Right to disconnect laws are a turn-off for a third of employers

right to disconnectOver a third of business leaders admit they don’t agree with the introduction of a law in the UK that would protect an employee’s right to disconnect, similar to the law in place in France, a new poll from iCompario claims. One in seven remain unsure (14 percent). The legislation, which was introduced in France in 2017, forbids employers from expecting their employees to engage in communications, such as emails outside of working hours. The data suggests that substantial two thirds (66 percent) of UK workers would support a similar law being introduced in the UK.

Almost ten percent more women than men support the introduction of this law (70 percent vs. 62 percent).People most in support of bringing in the legislation around an employee’s right to disconnect are those within executive level roles (72 percent).

The survey also asked UK employees about the pressure they feel to be contactable and respond to emails when not in work, as well as how easily they are able to ‘switch off’ during time off. Despite the number of those in business leadership roles opposed to the introduction of a ‘right to disconnect’ law, more than half of those in senior roles feel ‘very pressured’ to check work emails and correspondence outside of their contracted work hours (53 percent). Just a third of those surveyed (33 percent) ‘don’t feel any pressure’ to check emails when not in work.

According to the findings UK employees take an average of 5.7 days to truly switch off when out of office, but with typical holidays abroad for Brits lasting just 8.7 days on average³, the time spent relaxing reduces substantially to just 3 days on average.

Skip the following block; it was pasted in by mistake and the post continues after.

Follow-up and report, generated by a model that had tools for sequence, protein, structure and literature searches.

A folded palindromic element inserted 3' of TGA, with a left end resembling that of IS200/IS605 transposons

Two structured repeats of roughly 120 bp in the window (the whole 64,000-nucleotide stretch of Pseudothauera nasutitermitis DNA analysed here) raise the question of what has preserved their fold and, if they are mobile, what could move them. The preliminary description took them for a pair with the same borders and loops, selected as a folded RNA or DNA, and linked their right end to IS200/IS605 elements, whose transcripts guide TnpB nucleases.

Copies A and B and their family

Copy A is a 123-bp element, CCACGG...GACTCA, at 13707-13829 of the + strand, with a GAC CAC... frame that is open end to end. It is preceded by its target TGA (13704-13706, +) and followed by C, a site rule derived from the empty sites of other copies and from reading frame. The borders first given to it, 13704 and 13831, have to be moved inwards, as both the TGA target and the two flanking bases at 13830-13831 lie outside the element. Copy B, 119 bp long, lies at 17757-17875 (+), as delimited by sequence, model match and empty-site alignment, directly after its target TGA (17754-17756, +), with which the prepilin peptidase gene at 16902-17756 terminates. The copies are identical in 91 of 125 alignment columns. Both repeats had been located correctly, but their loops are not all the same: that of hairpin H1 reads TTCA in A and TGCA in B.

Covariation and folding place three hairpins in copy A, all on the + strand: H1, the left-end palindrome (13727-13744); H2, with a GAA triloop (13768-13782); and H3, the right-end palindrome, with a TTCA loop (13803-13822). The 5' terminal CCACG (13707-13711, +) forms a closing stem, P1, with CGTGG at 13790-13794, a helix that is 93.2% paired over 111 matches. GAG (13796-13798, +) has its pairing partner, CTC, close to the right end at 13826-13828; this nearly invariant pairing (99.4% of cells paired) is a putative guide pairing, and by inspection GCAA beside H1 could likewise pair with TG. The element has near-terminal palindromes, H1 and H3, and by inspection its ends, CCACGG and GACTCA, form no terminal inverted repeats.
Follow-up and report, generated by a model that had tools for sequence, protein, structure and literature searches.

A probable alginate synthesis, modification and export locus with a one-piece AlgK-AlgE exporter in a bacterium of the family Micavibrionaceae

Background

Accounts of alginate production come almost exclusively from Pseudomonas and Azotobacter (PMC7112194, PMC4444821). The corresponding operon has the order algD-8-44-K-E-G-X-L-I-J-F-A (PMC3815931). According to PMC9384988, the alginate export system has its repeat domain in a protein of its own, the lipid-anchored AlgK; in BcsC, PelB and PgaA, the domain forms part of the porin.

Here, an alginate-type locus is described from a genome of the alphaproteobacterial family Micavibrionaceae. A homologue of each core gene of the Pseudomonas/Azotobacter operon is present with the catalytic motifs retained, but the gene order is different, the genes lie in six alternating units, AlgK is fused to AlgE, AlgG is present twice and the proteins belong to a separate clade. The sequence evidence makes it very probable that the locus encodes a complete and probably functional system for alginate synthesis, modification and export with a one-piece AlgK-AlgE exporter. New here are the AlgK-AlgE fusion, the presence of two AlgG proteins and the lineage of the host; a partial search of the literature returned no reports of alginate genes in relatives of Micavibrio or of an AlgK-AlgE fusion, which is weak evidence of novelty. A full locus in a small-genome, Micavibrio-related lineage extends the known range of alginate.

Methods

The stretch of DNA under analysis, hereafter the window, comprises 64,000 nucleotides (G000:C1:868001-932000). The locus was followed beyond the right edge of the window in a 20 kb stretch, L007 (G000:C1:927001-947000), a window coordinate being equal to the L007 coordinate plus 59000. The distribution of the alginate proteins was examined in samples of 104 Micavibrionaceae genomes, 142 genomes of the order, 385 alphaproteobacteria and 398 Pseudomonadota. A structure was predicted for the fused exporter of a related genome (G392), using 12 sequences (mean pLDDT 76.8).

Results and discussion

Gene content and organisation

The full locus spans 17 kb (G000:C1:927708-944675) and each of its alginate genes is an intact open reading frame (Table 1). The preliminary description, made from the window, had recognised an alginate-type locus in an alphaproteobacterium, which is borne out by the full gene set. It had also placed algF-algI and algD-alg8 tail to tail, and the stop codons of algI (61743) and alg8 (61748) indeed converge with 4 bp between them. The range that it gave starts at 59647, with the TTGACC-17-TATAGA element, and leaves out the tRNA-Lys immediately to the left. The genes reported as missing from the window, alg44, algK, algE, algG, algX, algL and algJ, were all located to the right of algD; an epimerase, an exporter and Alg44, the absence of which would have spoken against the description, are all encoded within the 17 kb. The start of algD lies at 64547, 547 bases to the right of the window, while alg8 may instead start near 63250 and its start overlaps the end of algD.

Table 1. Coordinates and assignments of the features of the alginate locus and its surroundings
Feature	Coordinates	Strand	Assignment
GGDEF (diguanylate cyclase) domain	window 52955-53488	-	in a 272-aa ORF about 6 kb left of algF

Downtime disappears completely when you consider UK adults spend just 3.3 days when holidaying on home soil.??One in seven admit they’re never able to switch off (14 percent) while on holiday.

Almost of half of those in administrator and assistant roles (46 percent) ‘don’t feel pressured’ to check emails during non-working hours and are also the group able to switch off the quickest, taking just 3.8 days on average to do so.

The findings also revealed the average time taken for people in CEO or business owner type roles take just over a week to switch off completely (7.5 days), however, a fifth of those in CEO roles or similar are unable to ever switch off (21 percent).? Three quarters (76 percent) also admitted to checking workplace correspondence over the break for Christmas and other religious ceremonies, and over weekends, evenings, early mornings.

The survey claims that those who show the most restraint regarding checking work emails outside of working hours via their personal devices (e.g., phone, laptop, tablet, etc.), were able to switch off the most easily (42 percent).? Whilst, on average, a quarter of those who check their personal tech devices to check their work emails every time they use them are never able to switch off (25 percent).